With traditional family farms on the wane, corporations are increasingly entering the agriculture sector, taking advantage of an updated law allowing them to lease farmland across the country.

At the end of 2015, more than 2,000 companies were operating in the farm sector, a roughly five-fold increase from before the farmland law was revised in 2009, according to the Agriculture, Forestry and Fisheries Ministry.

Among them is Morishige Bussan Co., a food wholesaler in the city of Saitama that’s growing perilla on a 6-hectare patch of hilly land in Chichibu, Saitama Prefecture.

“We have doubled the patch since last year and are growing perilla all over the field,” Bussan President Shigeru Yajima said in early July.

Perilla plants are grown from seeds raised in vinyl greenhouses; those planted outside two weeks earlier were already 10 cm high.

“We have leased deserted arable land introduced by the Saitama prefectural and Chichibu municipal governments,” Yajima said. “Local people helped us improve the land.”

Oil obtained from perilla seeds is in booming demand as it is considered good for health and beauty, Yajima said.

“Though perilla seeds produced in China and South Korea are available, we stick to homegrown seeds,” he said.

Fukushima is known for perilla production, and Yajima began cultivating the plant in there in 1999 after learning skills from local farmers. But he pulled the plug on the operation following the triple core meltdown at the Fukushima No. 1 nuclear plant in 2011 during the quake and tsunami disasters in March that year.

Chichibu is suited to perilla cultivation because of its wide temperature variations, like Fukushima, said Yajima, who works the fields and processes the crops with five employees. Production of perilla and related business contribute to some 40 percent of Morishige’s annual sales of around ¥100 million.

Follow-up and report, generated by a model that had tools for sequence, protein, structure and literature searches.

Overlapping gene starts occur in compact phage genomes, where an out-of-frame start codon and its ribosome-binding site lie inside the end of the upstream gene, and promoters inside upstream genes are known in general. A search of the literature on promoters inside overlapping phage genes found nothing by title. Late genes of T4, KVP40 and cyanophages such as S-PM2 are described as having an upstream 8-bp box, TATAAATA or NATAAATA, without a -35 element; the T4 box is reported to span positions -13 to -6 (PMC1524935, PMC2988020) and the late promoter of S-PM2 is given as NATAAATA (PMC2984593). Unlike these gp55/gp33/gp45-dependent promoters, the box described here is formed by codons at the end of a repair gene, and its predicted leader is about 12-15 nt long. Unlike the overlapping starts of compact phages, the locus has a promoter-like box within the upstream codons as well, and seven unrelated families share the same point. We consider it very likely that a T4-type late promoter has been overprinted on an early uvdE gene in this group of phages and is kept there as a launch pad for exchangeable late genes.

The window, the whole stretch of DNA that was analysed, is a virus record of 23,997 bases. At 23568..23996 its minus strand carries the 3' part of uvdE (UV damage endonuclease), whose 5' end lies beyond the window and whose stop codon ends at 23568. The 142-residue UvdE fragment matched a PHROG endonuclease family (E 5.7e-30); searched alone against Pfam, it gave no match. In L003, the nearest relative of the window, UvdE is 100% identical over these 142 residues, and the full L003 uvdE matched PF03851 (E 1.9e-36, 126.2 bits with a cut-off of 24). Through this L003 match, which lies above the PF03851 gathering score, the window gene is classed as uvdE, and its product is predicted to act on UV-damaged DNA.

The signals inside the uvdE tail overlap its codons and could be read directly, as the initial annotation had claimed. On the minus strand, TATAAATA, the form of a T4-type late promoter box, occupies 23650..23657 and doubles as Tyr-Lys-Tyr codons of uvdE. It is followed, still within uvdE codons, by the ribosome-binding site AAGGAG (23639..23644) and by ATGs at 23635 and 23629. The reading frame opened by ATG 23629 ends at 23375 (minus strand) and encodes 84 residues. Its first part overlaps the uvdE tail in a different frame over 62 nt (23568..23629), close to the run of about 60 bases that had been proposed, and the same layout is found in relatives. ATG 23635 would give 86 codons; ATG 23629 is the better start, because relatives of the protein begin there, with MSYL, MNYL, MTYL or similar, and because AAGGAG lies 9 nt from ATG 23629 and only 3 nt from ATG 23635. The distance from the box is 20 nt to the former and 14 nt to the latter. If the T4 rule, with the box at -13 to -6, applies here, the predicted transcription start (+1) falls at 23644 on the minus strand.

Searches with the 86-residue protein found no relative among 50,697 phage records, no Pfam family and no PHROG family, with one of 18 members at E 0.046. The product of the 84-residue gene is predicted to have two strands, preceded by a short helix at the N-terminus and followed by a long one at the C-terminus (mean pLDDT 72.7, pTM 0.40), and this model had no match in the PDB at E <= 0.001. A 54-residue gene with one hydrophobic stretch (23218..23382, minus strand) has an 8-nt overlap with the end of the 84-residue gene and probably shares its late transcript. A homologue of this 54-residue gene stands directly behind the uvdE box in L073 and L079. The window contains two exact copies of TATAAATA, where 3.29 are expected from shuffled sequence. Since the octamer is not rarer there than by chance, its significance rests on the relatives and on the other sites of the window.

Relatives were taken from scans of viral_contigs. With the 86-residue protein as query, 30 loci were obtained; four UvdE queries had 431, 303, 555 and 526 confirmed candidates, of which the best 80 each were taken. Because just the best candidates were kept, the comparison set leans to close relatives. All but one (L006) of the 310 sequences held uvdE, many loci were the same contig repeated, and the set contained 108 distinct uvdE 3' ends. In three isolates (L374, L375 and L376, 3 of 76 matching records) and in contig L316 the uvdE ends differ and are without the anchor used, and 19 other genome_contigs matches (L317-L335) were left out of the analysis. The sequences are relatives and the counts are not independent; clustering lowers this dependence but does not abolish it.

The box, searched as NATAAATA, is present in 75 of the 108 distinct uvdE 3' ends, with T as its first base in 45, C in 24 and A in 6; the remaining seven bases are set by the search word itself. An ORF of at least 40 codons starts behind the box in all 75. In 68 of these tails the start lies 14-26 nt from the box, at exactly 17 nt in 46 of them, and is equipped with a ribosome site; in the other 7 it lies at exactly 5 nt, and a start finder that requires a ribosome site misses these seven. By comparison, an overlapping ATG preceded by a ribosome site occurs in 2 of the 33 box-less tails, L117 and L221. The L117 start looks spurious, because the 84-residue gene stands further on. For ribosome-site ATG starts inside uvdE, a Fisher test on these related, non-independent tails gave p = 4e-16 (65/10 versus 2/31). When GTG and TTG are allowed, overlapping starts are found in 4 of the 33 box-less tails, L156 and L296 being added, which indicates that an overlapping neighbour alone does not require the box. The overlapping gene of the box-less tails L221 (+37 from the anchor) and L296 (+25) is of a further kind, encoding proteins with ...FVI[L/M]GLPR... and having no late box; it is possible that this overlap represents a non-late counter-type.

To meet growing demand for perilla oil, Morishige farms out production of the plant to farmers in Gunma, Nagano and Miyagi prefectures.

Among other firms that have entered the farm sector, Kawaguchi Construction Co., a water supply and road construction company in the town of Minobu, Yamanashi Prefecture, grows Akebono Daizu (Akebono soybeans), a local specialty produced in a cool climate along the Fuji River in the southern part of the prefecture.

“We become busy with public works at the end of each fiscal year,” said Osamu Mochizuki, president of the company. “But as we have lots of time to spare early in each year, I decided (to farm soybeans) to protect jobs for employees.”

The amount of deserted arable land has been growing in Minobu, like other places, in line with the dwindling ranks of Japan’s aged farmers and the lack of successors. The prefectural government offered some 3 hectares of such land to Kawaguchi Construction.

“I decided to grow Akebono Daizu soybeans to help revitalize the local economy, hoping to develop them into a popular brand,” Mochizuki said.

Paste, curd and toasted flour made from dried soybeans are becoming popular. During an annual autumn fair to promote Akebono Daizu, many people visited the town to experience harvesting soybeans.

Of the roughly 2,000 corporations that have entered the agriculture sector, food companies accounted for 23 percent, agricultur and stock-breeding companies 22 percent and construction firms 10 percent.

Meanwhile, schools, medical institutions, social welfare corporations and nonprofit organizations represent a quarter of new institutional entrants into agriculture, according to Shinichi Shogenji, professor at the Graduate School of Bioagricultural Sciences at Nagoya University.

“It is a welcome development for them to use agriculture to support the independence of people with physical or mental disabilities, such as creating job opportunities,” Shogenji said.

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